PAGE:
An antibiotic and a muscle-related compound are leading candidates for a major government study of whether certain compounds could slow the worsening of Parkinson's disease.
A pilot study, unveiled Thursday, suggests the two — the antibiotic minocycline and creatine, a substance produced in muscle tissue — may have some benefit.
"We are not concluding that these agents are useful, just that they are not useless," cautioned Dr. Karl Kieburtz of the University of Rochester, who led the study.
It's far too early for patients to seek the pills, stressed Dr. Diane Murphy, who oversees Parkinson's research at the National Institutes of Health, which funded the work.
But in the study of 200 patients in the earliest stages of the disease — they didn't yet require medication for its symptoms — those who took either of the two pills didn't seem to decline quite as rapidly as those given a dummy pill, scientists said Thursday at Parkinson's meeting in Washington.
The compounds are thought to lessen a type of cellular stress or fight inflammation that may damage cells.
About 1.5 million Americans have Parkinson's disease, which gradually destroys brain cells that produce dopamine, a chemical crucial for the cellular communication that controls muscle movement. As dopamine levels drop, symptoms increase: tremors in the arms, legs and face; periodically stiff or frozen limbs; slow movement; impaired balance and coordination.
Standard treatments are to replace lost dopamine with the drug levodopa, and a brain implant to control tremors. Both work for a while, but can't stop the disease's inevitable march.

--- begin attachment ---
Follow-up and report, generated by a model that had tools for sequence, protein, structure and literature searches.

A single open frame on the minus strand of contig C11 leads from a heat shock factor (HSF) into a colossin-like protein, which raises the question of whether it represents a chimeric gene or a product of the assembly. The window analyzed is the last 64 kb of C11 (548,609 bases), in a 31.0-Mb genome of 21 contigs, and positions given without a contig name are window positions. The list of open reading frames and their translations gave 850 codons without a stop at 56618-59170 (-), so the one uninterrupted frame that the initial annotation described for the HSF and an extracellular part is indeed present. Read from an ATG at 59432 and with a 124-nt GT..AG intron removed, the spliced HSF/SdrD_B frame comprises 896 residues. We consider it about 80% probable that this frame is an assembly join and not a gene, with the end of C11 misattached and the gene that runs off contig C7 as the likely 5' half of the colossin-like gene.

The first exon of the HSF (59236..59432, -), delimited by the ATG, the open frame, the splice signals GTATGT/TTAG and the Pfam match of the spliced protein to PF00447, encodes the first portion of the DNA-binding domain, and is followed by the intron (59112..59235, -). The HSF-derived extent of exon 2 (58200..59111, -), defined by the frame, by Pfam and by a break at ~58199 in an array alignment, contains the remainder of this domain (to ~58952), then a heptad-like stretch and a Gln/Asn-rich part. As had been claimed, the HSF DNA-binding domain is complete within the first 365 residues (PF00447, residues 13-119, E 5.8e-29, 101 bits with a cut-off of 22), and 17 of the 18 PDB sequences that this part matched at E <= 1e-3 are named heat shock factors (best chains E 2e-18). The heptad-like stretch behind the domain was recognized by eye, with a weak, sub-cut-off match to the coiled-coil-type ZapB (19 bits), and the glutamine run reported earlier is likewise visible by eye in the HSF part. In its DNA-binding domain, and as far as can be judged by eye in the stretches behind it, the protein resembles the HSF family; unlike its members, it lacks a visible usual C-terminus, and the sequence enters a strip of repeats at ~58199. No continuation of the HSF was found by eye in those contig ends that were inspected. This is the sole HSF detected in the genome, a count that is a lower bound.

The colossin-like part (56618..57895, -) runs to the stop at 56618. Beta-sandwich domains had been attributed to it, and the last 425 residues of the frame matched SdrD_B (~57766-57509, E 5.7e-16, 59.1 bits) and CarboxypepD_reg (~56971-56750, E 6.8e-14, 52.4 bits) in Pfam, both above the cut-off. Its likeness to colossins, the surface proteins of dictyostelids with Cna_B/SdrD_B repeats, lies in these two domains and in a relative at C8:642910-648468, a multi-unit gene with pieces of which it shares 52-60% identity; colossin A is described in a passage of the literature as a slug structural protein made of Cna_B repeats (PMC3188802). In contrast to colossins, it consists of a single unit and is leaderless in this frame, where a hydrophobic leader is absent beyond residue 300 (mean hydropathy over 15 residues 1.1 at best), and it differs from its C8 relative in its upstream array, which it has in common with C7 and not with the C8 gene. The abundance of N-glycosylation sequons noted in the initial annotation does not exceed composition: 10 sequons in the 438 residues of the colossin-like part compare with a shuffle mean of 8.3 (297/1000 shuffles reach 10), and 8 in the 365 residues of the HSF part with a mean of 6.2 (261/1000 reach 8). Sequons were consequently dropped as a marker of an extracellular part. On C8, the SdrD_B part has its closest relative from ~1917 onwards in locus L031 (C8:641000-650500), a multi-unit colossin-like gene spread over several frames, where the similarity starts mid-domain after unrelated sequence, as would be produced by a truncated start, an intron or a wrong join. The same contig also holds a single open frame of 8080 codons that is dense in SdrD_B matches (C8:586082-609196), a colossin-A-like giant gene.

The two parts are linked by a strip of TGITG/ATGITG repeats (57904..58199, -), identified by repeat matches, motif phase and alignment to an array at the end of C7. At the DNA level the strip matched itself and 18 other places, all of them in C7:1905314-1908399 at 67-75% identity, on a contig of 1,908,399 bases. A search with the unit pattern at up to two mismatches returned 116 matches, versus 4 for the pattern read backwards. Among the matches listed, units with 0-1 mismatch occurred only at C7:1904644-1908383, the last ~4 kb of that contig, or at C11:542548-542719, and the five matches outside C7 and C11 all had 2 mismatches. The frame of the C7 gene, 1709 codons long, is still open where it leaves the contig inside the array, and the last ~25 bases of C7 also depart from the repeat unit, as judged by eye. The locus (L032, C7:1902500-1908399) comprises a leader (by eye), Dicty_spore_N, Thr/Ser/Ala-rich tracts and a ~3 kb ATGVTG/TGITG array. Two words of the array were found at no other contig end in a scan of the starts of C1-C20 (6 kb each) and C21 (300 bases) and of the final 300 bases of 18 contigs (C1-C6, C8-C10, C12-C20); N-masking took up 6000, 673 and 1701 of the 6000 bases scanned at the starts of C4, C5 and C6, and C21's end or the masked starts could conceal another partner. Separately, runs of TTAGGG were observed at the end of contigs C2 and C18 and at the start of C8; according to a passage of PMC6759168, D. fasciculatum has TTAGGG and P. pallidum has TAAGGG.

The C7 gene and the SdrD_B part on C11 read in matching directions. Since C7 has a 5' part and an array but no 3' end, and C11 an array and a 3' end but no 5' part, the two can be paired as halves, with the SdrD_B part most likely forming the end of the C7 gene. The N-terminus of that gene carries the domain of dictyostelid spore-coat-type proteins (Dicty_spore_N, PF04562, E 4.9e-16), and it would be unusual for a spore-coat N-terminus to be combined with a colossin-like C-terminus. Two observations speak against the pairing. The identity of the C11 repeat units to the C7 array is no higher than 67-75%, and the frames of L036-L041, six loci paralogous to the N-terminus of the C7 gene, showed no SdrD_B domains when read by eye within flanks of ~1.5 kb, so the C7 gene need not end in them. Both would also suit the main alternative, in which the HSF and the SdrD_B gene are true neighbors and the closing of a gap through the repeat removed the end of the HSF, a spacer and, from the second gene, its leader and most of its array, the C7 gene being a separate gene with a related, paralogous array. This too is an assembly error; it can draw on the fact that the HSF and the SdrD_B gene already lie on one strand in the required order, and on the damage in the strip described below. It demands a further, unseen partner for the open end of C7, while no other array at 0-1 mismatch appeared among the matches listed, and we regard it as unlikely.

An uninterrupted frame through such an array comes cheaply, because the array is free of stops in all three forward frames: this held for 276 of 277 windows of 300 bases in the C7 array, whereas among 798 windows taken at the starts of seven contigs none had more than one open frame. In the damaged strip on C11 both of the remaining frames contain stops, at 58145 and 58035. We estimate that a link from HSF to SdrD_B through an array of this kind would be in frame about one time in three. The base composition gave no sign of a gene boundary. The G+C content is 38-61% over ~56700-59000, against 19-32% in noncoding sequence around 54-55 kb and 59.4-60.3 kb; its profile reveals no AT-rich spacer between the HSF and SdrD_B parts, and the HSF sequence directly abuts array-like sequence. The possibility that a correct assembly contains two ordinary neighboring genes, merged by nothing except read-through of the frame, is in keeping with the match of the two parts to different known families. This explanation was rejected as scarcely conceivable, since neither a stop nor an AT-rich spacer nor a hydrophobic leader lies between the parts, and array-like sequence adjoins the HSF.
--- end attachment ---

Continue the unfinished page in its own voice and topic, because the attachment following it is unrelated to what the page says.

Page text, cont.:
So NIH's National Institute of Neurological Disorders and Stroke is on a hunt for drugs that might protect patients' remaining dopamine-producing cells, a so-called neuroprotector. The holy grail would be a simple, easy-to-take pill that would lower the risk of worsening Parkinson's, much like an aspirin a day can lower people's risk of heart attacks.
"We're looking for the aspirin of Parkinson's disease," is how Murphy puts it. "We don't have a drug like that right now, and we don't know of such a drug," she cautions.
That's where the pilot study comes in. NIH asked Parkinson's specialists for a list of potential neuroprotective compounds — substances that could enter the brain and seemed promising in animal studies. From an initial list of 60, they settled on four to pilot-test. The minocycline and creatine results are first in, published in the journal Neurology online this week and announced Thursday at the World Parkinson Congress. Now being analyzed is a similar study on the dietary supplement coenzyme Q-10 or CoQ10 and an experimental drug thought to help repair damaged nerves.
Next up, NIH plans to test the top candidates in a large study to prove whether any of them truly work.
Minocycline is a prescription-only antibiotic, but creatine is available in dietary supplements. Murphy cautioned that over-the-counter preparations of creatine or CoQ10 may not be the same strengths as are under study.
By Lauran Neergard